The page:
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ARCHITECTURE POST MORTEM edited by Simone Brott, David Bertolini, and Donald Kunze

[From the Asgate web site] Architecture Post Mortem surveys architecture’s encounter with death, decline, and ruination following late capitalism. As the world moves closer to an economic abyss that many perceive to be the death of capital, contraction and crisis are no longer mere phases of normal market fluctuations, but rather the irruption of the unconscious of ideology itself. Post mortem is that historical moment wherein architecture’s symbolic contract with capital is put on stage, naked to all. Architecture is not irrelevant to fiscal and political contagion as is commonly believed; it is the victim and penetrating analytical agent of the current crisis. As the very apparatus for modernity’s guilt and unfulfilled drives-modernity’s debt-architecture is that ideological element that functions as a master signifier of its own destruction, ordering all other signifiers and modes of signification beneath it. It is under these conditions that architecture theory has retreated to an “Alamo” of history, a final desert outpost where history has been asked to transcend itself. For architecture’s hoped-for utopia always involves an apocalypse. This timely collection of essays reformulates architecture’s relation to modernity via the operational death-drive: architecture is but a passage between life and death.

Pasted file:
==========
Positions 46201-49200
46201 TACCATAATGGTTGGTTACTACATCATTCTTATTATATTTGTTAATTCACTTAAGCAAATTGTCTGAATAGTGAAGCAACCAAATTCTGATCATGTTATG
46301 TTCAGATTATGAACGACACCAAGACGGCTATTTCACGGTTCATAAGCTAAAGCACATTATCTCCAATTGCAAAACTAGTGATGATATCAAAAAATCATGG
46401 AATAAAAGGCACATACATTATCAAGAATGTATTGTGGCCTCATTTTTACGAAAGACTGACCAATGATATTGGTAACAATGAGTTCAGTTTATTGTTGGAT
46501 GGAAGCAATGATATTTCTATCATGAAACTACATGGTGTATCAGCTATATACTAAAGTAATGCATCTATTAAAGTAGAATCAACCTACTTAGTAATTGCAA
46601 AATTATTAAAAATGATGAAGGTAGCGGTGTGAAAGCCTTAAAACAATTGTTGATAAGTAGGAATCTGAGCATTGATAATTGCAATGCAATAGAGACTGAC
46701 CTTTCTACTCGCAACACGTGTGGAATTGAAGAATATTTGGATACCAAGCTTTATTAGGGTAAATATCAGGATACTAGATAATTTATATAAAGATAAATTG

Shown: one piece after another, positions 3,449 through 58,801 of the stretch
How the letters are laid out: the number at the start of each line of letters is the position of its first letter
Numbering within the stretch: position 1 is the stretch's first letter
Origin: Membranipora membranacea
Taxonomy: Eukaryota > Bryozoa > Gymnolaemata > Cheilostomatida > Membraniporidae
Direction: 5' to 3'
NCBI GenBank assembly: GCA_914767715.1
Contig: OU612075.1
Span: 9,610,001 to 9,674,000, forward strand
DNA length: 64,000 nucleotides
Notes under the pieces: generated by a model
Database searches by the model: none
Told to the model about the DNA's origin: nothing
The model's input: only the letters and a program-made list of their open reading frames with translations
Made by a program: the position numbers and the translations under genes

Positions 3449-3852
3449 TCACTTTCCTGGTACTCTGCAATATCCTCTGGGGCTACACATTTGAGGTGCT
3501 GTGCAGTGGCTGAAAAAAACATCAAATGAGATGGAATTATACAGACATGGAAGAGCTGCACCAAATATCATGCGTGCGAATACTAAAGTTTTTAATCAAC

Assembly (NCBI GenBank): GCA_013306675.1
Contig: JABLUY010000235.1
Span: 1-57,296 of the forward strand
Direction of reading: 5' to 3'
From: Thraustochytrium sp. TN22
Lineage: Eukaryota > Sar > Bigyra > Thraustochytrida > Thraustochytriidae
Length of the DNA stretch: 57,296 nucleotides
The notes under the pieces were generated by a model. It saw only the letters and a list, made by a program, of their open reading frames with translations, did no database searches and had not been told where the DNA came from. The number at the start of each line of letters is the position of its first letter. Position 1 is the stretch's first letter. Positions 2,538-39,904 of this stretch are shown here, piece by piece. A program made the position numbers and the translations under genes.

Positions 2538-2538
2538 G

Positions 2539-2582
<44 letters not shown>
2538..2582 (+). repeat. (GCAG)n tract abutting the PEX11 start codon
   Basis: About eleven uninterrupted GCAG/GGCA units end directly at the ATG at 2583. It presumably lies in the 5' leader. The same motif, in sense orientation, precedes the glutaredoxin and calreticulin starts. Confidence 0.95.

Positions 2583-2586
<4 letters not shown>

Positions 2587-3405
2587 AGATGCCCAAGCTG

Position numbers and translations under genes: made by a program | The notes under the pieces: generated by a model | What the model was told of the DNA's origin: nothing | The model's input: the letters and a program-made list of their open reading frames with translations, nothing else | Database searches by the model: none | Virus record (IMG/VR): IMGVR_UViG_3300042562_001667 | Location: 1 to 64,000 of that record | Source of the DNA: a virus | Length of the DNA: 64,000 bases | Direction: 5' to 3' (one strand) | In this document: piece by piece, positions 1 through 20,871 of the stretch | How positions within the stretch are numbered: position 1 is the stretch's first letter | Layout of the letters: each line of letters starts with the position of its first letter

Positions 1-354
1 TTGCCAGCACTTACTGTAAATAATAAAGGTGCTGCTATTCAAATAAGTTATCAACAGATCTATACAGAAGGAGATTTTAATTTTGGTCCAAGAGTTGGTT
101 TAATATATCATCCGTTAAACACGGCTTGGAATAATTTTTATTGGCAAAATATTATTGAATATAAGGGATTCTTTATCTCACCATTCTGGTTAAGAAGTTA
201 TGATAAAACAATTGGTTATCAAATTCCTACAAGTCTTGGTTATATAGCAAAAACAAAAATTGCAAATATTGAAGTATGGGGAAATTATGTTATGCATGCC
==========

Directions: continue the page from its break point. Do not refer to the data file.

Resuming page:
This collection includes essays by Kazi K. Ashraf, David Bertolini, Simone Brott, Peggy Deamer, Didem Ekici, Paul Emmons, Donald Kunze, Todd McGowan, Gevork Hartoonian, Nadir Lahiji, Erika Naginski, and Dennis Maher.

Contents: Introduction: ‘the way things are’, Donald Kunze; Driven into the public: the psychic constitution of space, Todd McGowan; Dead or alive in Joburg, Simone Brott; Building in-between the two deaths: a post mortem manifesto, Nadir Lahiji; Kant, Sade, ethics and architecture, David Bertolini; Post mortem: building deconstruction, Kazi K. Ashraf; The slow-fast architecture of love in the ruins, Donald Kunze; Progress: re-building the ruins of architecture, Gevork Hartoonian; Adrian Stokes: surface suicide, Peggy Deamer; A window to the soul: depth in the early modern section drawing, Paul Emmons; Preliminary thoughts on Piranesi and Vico, Erika Naginski; architectural asceticism and austerity, Didem Ekici; 900 miles to Paradise, and other afterlives of architecture, Dennis Maher; Index.

ARCHITECTURE AND VIOLENCE edited by Beshir Kenzari

[From the Actar web site] In today's turbulent times few subjects deserve a closer scrutiny than the interactions between violence and constructed environment. Modernity's contradictory histories laid bare the fact that it is impossible to consider architecture simply a benign, passive victim of humanity's violent vices. Built space is as capable of incarnating violent acts as enacting them, disciplining and silencing the subject in the process. In this compelling volume, some of the most incisive thinkers of contemporary architectural theory make manifest the intricacies of interrelations between architecture and violent events. Employing a wide variety of perspectives and methodological approaches, the authors examine some of the most dramatic and unexpected instances of these vexing relations. LOOK INSIDE.